At Hudson Guild, DOT Answers Inquiries About Incoming Crosstown Bike Lanes

Derek Magee commutes to work on 26th St. “Once drivers, cyclists, and pedestrians all have their own dedicated space on the streets, there are less conflicts between different modes of transportation,” he said. | Photo by Sam Bleiberg

BY SAM BLEIBERG | Fresh paint on 26th and 29th Sts. will mark a clear cycling path across Chelsea for the first time with the installation of much-anticipated crosstown bike lanes.

Ahead of the lanes’ implementation, the NYC Department of Transportation (DOT) hosted an informational session on the project for Elliott-Chelsea Houses and other nearby residents at the Hudson Guild. Residents and commuters, cyclists, and pedestrians alike look forward to the overdue improvements for street safety and efficiency. The forum also opened an important dialogue on how to accommodatesafe, accessible methods of transportation for all community members.

Chelsea Now previously reported on the 26th and 29th Sts. bike lane project as a landmark for Manhattan bike infrastructure, representing the first crosstown lanes in Midtown. In the June 15 meeting, the DOT presented on the benefits of the project for the westernmost blocks of Manhattan, which include safer streets for cyclists and pedestrians, better traffic flow for motorists, and more efficient paths for those who rely on bicycles for transportation and recreation.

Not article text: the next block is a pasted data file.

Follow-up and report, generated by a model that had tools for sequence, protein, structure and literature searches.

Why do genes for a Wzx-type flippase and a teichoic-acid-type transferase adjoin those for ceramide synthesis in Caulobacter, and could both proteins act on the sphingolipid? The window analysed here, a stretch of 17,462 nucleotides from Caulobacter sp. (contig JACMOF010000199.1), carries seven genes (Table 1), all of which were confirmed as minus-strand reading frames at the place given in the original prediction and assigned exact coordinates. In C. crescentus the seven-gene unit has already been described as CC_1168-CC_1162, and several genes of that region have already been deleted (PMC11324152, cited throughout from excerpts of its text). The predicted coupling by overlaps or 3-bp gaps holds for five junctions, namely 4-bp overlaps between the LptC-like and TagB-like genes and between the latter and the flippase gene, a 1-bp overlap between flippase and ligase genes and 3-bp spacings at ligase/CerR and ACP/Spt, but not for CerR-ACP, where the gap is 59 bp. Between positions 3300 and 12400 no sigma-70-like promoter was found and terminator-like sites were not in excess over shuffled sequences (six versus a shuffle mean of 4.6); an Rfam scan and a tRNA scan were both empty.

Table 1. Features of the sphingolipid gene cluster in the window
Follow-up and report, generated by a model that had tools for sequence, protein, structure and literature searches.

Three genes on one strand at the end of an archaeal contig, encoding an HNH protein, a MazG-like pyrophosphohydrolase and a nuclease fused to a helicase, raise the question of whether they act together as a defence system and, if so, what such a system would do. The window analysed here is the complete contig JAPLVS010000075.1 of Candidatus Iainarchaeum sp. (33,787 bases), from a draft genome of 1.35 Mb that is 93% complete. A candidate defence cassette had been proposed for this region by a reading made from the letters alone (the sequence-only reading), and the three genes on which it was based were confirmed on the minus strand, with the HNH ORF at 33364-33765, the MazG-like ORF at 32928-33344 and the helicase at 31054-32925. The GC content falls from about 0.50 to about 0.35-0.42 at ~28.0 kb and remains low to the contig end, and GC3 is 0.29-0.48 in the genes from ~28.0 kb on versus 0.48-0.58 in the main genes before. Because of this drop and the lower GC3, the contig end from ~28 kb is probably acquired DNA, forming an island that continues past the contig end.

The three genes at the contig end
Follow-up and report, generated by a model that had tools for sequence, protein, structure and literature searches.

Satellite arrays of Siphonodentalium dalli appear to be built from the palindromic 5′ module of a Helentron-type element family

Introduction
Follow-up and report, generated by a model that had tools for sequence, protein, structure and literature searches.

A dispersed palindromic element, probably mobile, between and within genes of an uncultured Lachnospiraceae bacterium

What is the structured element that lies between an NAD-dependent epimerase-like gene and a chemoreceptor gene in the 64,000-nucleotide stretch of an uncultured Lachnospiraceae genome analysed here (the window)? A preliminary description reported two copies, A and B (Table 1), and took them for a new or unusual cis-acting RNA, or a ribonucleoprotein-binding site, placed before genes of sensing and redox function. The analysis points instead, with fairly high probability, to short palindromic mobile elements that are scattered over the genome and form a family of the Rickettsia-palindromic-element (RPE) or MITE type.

City officials and community leaders representing Chelsea celebrated the lanes as life-saving improvements for some of the most dangerous streets in Manhattan.

City Speaker Corey Johnson, whose District 3 area of coverage includes Chelsea, invoked the tragedies that spurred action on the project. “Last summer we tragically lost the lives of two cyclists, Dan Hanegby and Michael Mamoukakis, in the West 20s near Seventh Avenue,” Johnson said in a statement to Chelsea Now. “These new crosstown bike lanes on West 26th and West 29th Streets will help save lives and ensure that our streets are safer for pedestrians, cyclists, and motorists alike.”

Johnson also thanked the DOT for hosting the community outreach session to keep Chelsea residents informed and involved in the transportation planning process. “I am pleased that Community Board 4 [CB4] voted in support of these crosstown bike lanes and thank the NYC Department of Transportation for meeting with residents over the last several months to talk about the importance of these new bike lanes,” he said.

Ken Jockers, Executive Director of Hudson Guild, echoed this sentiment and highlighted community engagement as critical for the project’s success.

“First and foremost, our concern as always is to have residents of this block and our neighborhood be aware of what the changes are and why are they made,” he said. “The longer notice you give people and the more opportunities you give people to get the information and give feedback, the better buy-in and support you’re going to get.”

The DOT has proposed a comprehensive plan to provide safe crosstown bike corridors. This excerpt from their June 15 presentation at Hudson Guild shows the status of projects spanning Union Square to 55th St.